Vivian had expected as much, but hearing the confirmation still felt like a thrust to the heart. “Did he find out about you teaching me?” Or worse, Madame’s bigger secret?
“No,” Madame Renard said quickly. “And I will not stop teaching you. I know that fencing is your passion. Without passion, people wilt like flowers. But we must be careful, and I think it would be wise to keep our steel sheathed for a time. At least until we learn your uncle’s habits, so we can discern a safe time and place to fence.”
Yes, that sounded like the wisest course of action. Especially since it was Vivian’s blade that landed her in this scandal-broth, which resulted in Father packing her off to her great-uncle’s estate. But Vivian was veritably rabid with the need to have her sword in her hand. Those blissful moments of thrusts and parries, dancing on her feet with the ring of steel in her ears, were the only times she felt she had any control in her life.
The rest of the time, Vivian always had to submit to what someone else wanted of her. From her governess to her tutors, her dancing instructor, her father, and her suitors, she was always expected to comply, to play a part like a scripted actress that would end with her… what?
The unanswered question made her age-old panic slither over her like funeral crepe. While Vivian was aware that she was supposed to marry a suitable man with a good title and preferably a substantial income and bear him heirs, she couldn’t stop from wondering, what else would there be? In all the stories of fair ladies and princesses, they ended when the heroine married her dashing hero. Why couldn’t Vivian be more like a hero? Have adventures and defeat monsters just as Beowulf and Odysseus did in her favorite stories.
Her governess had told her such thoughts were unnatural. Her father only squinted and frowned. Most other ladies her age either shunned or mocked her for wanting more than landing a good match, even going so far as to say that with her small dowry and plain looks, she should be grateful for any match. In the face of such censure, Vivian learned to be silent about her unconventional thoughts and wordless sense of want for something more.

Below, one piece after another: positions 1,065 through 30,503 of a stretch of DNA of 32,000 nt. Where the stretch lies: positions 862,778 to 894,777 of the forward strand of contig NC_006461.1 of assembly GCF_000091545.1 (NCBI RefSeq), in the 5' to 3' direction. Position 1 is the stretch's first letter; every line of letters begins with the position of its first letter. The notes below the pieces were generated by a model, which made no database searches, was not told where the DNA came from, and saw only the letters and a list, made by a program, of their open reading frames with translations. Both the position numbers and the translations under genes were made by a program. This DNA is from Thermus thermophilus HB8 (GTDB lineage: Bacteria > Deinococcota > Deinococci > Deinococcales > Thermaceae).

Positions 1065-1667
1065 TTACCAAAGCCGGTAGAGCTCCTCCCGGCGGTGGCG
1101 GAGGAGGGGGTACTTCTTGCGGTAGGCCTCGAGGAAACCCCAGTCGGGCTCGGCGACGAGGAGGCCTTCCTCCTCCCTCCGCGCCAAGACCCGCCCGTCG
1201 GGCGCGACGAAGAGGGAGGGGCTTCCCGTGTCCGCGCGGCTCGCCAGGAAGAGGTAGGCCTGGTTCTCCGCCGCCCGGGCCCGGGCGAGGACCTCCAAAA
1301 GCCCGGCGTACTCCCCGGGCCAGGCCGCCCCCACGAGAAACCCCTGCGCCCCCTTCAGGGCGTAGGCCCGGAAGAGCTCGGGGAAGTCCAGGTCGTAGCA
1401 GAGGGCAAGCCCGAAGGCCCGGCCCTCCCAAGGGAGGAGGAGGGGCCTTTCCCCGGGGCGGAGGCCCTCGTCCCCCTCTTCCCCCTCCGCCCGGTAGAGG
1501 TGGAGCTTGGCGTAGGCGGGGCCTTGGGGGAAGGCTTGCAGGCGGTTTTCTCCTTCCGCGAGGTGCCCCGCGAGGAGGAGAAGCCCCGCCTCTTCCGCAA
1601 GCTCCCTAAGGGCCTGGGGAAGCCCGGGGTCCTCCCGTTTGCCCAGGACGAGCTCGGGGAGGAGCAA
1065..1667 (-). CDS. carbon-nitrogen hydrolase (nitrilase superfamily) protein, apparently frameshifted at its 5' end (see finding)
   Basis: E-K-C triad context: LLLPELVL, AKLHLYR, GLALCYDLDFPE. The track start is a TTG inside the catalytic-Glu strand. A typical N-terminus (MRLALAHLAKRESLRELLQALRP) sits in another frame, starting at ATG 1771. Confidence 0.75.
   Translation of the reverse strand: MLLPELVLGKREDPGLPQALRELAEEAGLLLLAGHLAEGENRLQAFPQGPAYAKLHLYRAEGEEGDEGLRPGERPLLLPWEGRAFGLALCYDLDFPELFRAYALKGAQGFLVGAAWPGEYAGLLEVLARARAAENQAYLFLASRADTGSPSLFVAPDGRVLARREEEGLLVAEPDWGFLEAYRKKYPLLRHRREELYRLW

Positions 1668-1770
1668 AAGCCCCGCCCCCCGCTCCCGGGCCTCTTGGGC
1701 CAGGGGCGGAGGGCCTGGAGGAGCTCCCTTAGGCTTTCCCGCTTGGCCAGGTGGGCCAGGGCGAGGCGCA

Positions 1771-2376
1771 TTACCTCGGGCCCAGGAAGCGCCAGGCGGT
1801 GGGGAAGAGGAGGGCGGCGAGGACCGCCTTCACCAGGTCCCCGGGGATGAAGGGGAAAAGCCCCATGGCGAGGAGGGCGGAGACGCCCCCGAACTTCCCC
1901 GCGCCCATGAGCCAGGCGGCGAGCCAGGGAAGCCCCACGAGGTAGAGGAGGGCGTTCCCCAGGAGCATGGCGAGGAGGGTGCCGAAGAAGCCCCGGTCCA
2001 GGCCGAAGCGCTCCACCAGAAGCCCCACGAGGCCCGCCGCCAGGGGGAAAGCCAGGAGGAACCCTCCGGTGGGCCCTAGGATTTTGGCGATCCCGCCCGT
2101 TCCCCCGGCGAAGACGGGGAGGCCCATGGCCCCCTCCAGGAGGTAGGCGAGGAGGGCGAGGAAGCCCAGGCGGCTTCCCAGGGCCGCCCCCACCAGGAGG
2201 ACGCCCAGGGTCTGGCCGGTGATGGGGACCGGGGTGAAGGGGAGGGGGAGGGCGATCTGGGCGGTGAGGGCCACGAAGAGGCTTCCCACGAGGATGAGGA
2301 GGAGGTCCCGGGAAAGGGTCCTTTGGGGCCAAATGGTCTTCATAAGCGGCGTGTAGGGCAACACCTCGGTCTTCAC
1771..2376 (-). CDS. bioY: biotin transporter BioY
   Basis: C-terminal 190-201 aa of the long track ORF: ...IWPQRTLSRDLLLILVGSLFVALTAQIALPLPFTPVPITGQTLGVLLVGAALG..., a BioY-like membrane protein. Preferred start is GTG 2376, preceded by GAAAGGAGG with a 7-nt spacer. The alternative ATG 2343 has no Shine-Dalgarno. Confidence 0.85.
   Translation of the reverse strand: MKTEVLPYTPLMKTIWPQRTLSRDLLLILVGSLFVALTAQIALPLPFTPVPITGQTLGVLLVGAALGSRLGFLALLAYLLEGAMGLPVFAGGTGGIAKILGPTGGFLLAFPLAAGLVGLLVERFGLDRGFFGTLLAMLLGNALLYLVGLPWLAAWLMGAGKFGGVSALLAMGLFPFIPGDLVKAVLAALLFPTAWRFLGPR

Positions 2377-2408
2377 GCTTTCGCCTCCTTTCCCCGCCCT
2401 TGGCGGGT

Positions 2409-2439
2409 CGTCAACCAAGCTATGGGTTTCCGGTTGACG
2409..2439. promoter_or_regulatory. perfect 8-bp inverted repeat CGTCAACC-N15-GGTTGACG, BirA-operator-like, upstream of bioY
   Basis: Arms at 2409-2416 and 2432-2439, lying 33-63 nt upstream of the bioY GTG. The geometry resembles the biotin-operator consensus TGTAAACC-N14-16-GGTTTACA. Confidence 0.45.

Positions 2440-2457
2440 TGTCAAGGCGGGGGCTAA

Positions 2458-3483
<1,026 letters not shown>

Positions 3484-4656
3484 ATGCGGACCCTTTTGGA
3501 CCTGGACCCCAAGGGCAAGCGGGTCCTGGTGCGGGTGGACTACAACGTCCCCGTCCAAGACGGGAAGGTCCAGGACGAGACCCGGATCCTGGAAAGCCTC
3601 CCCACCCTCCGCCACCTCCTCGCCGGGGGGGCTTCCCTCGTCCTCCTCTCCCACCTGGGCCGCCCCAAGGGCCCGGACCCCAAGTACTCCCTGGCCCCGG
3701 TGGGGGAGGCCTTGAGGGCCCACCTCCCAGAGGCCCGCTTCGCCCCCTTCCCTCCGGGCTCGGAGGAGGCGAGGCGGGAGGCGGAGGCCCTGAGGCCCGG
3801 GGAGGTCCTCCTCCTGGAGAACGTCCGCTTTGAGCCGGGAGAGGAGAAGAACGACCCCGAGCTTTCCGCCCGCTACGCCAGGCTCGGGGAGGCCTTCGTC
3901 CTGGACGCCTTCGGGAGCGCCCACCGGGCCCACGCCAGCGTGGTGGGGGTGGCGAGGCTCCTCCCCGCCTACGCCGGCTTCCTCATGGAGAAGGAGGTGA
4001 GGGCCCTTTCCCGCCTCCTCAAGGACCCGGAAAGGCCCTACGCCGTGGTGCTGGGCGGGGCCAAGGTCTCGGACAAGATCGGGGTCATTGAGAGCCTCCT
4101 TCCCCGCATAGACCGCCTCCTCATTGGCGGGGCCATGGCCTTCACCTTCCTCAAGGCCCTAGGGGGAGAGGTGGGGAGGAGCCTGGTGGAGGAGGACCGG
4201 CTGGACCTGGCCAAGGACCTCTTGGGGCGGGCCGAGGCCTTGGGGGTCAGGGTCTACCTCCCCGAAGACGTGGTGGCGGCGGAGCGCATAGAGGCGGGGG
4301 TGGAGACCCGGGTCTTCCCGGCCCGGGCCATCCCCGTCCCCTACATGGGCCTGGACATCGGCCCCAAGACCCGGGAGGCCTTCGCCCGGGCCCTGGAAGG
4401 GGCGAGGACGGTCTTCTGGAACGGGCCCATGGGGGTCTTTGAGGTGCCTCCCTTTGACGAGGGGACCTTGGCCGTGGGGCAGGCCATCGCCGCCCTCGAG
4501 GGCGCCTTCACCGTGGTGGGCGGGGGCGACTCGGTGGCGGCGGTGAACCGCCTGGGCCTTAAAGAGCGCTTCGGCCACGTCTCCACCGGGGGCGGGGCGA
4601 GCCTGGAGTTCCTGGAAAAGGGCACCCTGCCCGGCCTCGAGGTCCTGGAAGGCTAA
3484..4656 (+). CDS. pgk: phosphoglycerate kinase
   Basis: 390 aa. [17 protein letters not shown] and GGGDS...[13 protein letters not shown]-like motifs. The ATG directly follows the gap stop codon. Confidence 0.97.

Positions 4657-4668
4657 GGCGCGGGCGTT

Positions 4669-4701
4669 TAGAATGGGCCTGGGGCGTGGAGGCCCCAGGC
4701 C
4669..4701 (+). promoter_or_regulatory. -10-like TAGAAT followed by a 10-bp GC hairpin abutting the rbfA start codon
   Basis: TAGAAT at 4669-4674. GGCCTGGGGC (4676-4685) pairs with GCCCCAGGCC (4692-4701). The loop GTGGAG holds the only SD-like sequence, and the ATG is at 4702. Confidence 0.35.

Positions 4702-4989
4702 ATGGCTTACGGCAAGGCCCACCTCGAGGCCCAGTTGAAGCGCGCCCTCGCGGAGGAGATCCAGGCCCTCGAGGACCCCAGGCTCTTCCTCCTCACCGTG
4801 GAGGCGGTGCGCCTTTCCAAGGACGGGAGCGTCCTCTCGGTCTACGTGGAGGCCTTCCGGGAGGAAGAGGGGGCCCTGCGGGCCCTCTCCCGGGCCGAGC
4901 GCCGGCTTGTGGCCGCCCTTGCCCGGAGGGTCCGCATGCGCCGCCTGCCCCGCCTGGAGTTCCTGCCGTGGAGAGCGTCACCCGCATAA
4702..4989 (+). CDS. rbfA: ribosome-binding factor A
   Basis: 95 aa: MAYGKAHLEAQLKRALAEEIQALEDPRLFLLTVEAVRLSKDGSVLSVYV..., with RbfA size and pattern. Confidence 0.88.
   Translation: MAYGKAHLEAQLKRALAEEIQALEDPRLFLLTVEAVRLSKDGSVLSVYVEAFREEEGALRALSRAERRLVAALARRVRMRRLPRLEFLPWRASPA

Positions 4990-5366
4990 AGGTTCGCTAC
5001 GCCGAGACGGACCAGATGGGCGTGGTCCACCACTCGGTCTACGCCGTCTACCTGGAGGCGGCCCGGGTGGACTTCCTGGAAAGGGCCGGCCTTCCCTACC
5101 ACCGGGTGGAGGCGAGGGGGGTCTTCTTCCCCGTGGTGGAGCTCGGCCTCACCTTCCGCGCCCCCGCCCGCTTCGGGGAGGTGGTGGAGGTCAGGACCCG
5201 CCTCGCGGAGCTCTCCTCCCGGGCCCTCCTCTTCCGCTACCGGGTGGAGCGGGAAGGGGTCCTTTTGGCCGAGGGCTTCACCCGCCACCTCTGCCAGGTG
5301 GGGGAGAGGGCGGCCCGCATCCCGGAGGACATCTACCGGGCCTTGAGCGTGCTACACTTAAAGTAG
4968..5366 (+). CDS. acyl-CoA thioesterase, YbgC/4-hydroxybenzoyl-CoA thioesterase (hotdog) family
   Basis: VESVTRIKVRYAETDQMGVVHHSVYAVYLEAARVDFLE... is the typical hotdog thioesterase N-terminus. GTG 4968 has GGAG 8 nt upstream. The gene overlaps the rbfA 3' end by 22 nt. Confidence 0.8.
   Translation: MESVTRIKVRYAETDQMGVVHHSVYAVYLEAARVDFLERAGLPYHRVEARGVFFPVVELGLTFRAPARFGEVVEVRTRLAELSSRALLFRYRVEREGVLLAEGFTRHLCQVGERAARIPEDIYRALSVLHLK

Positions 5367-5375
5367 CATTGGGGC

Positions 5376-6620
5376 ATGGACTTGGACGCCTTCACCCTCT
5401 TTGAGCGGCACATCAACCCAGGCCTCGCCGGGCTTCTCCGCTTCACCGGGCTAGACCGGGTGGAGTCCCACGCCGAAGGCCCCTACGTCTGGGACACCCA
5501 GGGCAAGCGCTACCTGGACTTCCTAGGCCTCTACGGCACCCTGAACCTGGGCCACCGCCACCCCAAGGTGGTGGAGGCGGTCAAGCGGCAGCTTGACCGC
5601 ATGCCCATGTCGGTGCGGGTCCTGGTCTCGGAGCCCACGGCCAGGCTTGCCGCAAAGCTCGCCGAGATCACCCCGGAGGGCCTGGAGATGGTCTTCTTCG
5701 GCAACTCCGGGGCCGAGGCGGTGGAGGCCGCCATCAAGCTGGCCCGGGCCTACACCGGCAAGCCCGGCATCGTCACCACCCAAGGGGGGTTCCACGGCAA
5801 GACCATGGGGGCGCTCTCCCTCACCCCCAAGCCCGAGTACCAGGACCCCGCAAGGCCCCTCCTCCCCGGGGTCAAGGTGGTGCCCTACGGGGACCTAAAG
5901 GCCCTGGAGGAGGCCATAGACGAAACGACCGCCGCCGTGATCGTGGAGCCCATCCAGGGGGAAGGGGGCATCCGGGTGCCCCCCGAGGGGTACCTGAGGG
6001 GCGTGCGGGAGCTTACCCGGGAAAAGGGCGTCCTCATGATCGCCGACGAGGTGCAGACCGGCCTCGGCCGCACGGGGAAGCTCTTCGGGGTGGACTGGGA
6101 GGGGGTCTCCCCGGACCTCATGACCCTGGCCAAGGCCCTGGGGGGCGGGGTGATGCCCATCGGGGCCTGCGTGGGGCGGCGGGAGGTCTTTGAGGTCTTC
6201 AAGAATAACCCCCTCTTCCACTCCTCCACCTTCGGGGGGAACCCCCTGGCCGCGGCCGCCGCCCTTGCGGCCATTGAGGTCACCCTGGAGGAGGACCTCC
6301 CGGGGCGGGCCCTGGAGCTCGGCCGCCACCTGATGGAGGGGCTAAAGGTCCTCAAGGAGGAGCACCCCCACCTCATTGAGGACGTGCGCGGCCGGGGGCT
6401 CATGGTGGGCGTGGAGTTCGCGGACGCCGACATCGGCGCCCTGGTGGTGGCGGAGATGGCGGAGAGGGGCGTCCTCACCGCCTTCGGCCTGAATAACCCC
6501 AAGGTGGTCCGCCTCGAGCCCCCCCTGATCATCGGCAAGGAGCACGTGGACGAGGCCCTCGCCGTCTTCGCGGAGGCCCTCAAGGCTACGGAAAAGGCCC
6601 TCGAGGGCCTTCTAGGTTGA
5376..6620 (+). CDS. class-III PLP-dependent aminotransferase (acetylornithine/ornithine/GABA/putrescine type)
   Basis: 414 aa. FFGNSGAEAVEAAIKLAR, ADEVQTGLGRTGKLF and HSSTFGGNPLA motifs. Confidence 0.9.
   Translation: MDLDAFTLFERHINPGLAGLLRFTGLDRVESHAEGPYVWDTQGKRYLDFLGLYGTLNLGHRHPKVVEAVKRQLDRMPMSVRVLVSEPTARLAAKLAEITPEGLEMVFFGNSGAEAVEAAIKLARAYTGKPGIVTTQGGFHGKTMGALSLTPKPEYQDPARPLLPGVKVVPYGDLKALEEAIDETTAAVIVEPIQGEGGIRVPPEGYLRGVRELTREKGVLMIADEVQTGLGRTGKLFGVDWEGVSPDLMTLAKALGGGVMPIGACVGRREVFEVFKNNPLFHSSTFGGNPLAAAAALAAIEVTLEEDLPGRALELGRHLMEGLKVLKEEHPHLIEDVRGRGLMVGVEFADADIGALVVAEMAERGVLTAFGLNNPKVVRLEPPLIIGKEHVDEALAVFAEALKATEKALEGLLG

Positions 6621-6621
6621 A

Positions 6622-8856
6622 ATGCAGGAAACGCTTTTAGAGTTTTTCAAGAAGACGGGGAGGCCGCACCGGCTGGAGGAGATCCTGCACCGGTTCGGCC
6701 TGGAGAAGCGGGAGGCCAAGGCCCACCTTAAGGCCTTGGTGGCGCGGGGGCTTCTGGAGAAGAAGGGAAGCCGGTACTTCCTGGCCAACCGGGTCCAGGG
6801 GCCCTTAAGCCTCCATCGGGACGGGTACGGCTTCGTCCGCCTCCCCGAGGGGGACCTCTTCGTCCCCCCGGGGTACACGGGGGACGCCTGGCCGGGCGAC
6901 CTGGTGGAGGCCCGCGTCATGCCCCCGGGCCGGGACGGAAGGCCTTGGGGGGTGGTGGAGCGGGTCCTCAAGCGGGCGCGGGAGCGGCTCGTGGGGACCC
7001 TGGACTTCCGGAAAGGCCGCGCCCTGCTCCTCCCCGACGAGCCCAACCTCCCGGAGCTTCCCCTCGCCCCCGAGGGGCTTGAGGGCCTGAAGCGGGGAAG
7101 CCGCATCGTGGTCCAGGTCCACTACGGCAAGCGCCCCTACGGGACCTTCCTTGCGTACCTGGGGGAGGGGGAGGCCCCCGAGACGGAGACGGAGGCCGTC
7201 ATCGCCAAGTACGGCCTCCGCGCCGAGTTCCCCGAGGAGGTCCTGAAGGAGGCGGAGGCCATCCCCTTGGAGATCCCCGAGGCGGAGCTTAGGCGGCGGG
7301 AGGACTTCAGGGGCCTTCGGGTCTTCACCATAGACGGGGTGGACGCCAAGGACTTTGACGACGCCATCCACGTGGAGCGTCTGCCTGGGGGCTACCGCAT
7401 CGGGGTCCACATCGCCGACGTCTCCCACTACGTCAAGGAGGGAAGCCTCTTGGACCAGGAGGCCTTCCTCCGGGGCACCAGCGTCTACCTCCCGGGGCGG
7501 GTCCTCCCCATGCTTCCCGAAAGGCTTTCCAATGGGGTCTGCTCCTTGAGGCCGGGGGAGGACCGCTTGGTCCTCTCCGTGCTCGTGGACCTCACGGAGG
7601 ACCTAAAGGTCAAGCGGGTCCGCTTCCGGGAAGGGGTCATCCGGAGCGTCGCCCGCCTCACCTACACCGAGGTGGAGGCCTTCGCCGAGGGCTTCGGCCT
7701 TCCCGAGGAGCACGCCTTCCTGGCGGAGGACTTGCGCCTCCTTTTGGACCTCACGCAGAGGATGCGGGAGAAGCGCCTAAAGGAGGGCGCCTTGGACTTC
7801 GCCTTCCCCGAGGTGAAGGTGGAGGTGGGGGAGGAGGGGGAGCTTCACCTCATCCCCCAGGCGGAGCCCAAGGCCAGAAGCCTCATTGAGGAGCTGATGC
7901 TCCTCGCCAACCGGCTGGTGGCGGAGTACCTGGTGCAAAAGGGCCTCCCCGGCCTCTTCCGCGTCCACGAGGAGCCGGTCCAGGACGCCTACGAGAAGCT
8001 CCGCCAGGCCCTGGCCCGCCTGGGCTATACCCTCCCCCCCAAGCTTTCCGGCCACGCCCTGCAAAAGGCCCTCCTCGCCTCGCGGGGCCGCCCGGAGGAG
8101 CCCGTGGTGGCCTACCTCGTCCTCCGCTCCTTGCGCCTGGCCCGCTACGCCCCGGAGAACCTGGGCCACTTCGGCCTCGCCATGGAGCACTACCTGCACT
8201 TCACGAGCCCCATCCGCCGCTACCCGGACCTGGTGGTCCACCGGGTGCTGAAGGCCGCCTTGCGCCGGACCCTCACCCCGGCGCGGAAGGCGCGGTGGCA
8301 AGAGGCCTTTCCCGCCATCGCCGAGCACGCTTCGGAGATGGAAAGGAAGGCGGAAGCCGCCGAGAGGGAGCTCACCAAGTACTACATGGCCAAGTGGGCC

Only Madame Renarde understood Vivian’s inner turmoil when she’d been hired shortly before Vivian’s debut in Society three years ago.
“I know precisely what it is like to feel that the life Society expects of you is somehow wrong in a way that you cannot quite identify. Yet the notion haunts you like a shade.” Madame Renarde once told her.
The paid companion had only been at Father’s estate for two months before she’d come upon Vivian late at night out in the garden. Vivian had broken down in helpless tears without even knowing why. The French matron had pulled Vivian into her arms and coaxed the story out of her as Vivian rested her head on the companion’s surprisingly broad shoulder.
“That is it, exactly,” Vivian had said, wiping her eyes. “I only wish I knew what it was that I want.”
“It will come to you.” Madame Renarde stroked her hair. “Until you do, I advise that you find a hobby that gives you pleasure. Such can clear your mind and allow your deeper needs to come forth.”
“I do have hobbies.” Vivian had lifted her head from her companion’s shoulder, slightly embarrassed that she’d been caught in such an emotional state. “I read, dance, and study various languages.”
“Yes, and your dance steps are quite deft.” The companion’s gaze had turned speculative. “Wait here.”
Vivian had sat on the marble bench, listening to the wind whispering through the leaves of the trees and rosebushes, her curiosity stretching the minutes to seem like hours. When Madame Renarde returned, Vivian blinked in astonishment to see two thin swords gleaming in the moonlight.
“You’ve brought rapiers?” she’d asked, wondering if she was dreaming. Vivian had never seen a woman with a sword, much less two.
“Would you like to learn how to fence?” Madame Renarde tossed one of the blades toward Vivian. The rapier streamed through the air in a gleaming arc and stabbed the grass beside Vivian like a javelin. She stared the quivering metal, fascinated by its delicate, deadly beauty. Slowly, she’d reached down and gripped the pommel, pulling the blade from the ground. A primal desire flowed through her being. The sword represented power. She wanted it.